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Licton Springs Community Council Report for February
North Precinct Advisory Council Report for February 2, 2005

Statements or opinions expressed in the following report are not necessarily those of the Licton Springs Community Council or the residents of the Licton Springs Neighborhood. Effort has been taken to provide an accurate report but total accuracy cannot be assured.

At 7:02 p.m. President Pete Rogerson called the meeting to order. There was one new member in attendance this month, and that was the representative from the Ramada Inn and Berkshire Grill.
The evening’s agenda had us covering several different subjects. First up was Sergeant Don Smith from the Traffic Division. He spoke to the issue of the “Community Traffic Complaint.” The traffic section is charged with ensuring quality law enforcement to the citizens of Seattle and the “Community Traffic Complaint” was established to facilitate that goal. The traffic section seeks to identify those areas within the city that have a disproportionate number of complaints or accidents. One such location is at the location of 128th and Aurora Avenue (Highway 99). That location is noted as a “high impact” area (no pun intended). Another problem area is the area between the Northgate Mall and the Target store on 110th Street. Jaywalking in this area has become epidemic. (No one can use the crosswalks at the end or middle of the block - too far to walk?) It was also noted that 50 percent of pedestrian deaths are the fault of the pedestrian. (If you run down a pedestrian, you’ll get a citation!)

If a citizen makes a complaint with regard to a traffic issue, the Traffic Section WILL respond! There will be more on this subject again next month. If you’re interested, come to the meeting. (All are welcome - no door prizes but there’s also no cover charge.)

Moving Forward, Next, we got a shortened dissertation on the Department’s “Mobile Based Computers.” These are the computers that are seen in the front seat of all patrol cars. The “in car” computers have given the patrol officer instant access to information that would have taken hours to process in the past. The computers can be used via the keyboard or through a touch screen entry. Since they are being used in an automobile, the computers are “hardened” against the rough environment in which they must work. They are also mounted high so the officer need not take his eyes off the road. The system in use is an “in house” design (designed by cops for use by cops). The system works much like a cell phone. It does not rely on a central server, and is therefore little affected by natural disasters. (A good thing if we have one!) The system provides information access from both State and Federal data sources. Information is displayed in an array of colors to signify priority. (Red is the hot number.) The data display is much the same as it would be on a home computer and communication is very much like e-mail or instant messaging. Having an on-board computer really does make the best use of an officer’s time. (They can write reports while still in the field, etc.) The question was raised about the potential for abuse of the access of individual information and the response was that the system is audited at all times. (You can’t be checking up on your ex-girlfriend.)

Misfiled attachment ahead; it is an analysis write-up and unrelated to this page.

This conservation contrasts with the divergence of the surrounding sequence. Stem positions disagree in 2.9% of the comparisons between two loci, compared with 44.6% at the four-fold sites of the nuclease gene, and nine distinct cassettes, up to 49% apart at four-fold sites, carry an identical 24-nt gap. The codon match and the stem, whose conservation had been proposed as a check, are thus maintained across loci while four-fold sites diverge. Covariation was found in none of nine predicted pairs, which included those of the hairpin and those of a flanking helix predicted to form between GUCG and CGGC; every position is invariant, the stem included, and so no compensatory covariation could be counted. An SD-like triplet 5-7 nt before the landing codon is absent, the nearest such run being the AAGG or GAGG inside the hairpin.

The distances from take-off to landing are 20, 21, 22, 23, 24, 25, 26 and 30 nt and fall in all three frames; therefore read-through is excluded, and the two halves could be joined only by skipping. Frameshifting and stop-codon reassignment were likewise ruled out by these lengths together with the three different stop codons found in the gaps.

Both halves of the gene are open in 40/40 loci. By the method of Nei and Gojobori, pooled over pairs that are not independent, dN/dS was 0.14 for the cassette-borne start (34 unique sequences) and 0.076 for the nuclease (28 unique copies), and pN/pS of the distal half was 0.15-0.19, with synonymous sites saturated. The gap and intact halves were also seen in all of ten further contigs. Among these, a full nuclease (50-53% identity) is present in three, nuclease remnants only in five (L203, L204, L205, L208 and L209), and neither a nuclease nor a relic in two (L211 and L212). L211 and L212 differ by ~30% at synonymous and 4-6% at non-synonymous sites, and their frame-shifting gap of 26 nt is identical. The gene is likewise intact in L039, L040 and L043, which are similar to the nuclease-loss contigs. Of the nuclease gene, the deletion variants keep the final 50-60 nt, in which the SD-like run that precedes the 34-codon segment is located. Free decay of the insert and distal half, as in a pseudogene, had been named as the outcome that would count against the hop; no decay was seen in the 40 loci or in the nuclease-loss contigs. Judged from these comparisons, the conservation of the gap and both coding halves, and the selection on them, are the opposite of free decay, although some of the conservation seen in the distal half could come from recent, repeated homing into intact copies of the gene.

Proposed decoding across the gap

There was a lot more to this meeting, but these guys all talk fast and I write slowly. (They all do community presentations also.)
The heads of North Precinct Operations, Lieutenant Roy Wedlund and Captain Oliver, had a few closing notes as well. The Seattle Police cars all carry “spike strips” to deflate tires of suspect cars. This helps avoid the type of thing that just happened over on I-90 when an officer had to shoot out the tires of the car being used by the bad guys (aka, no stray bullets flying around).
There are now 15 patrol cars in operation for the North Precinct that are equipped with video cameras. These are a great aid when it comes to providing proof of actions when making a stop or arresting a suspect.

The North Precinct now has its very own Department of Corrections (“DoC”) Officer. Working hand in hand with the regular patrol officers, the DoC Officer is able to make arrests for parole violations by those on release from prison. Since the first of the year, over 130 contacts have been made and 40 arrests are the result. I found a little dry humor in the aspect of having a DoC officer putting parole violators back in prison when the parole board keeps saying we have an overcrowded system and turns more of them loose! (It’s like a merry-go-round, eh?)

At the beginning of the meeting, President Rogerson gave a little pep talk about “sharing” the information garnered from these meetings. It is not enough just to come and be represented. Ideally, the topics discussed at these meetings (all public safety related) should be spread as far as possible. If you have any friends, co-workers, relatives, or people you just don’t like-spread the word! Is it asking too much to help keep as many people as possible “informed”? Admittedly, this month’s report is not one of my better efforts, but I’ll do what I can with whatever I have to work with. Remember, I flunked English, ‘nough said.

Ken Thompson


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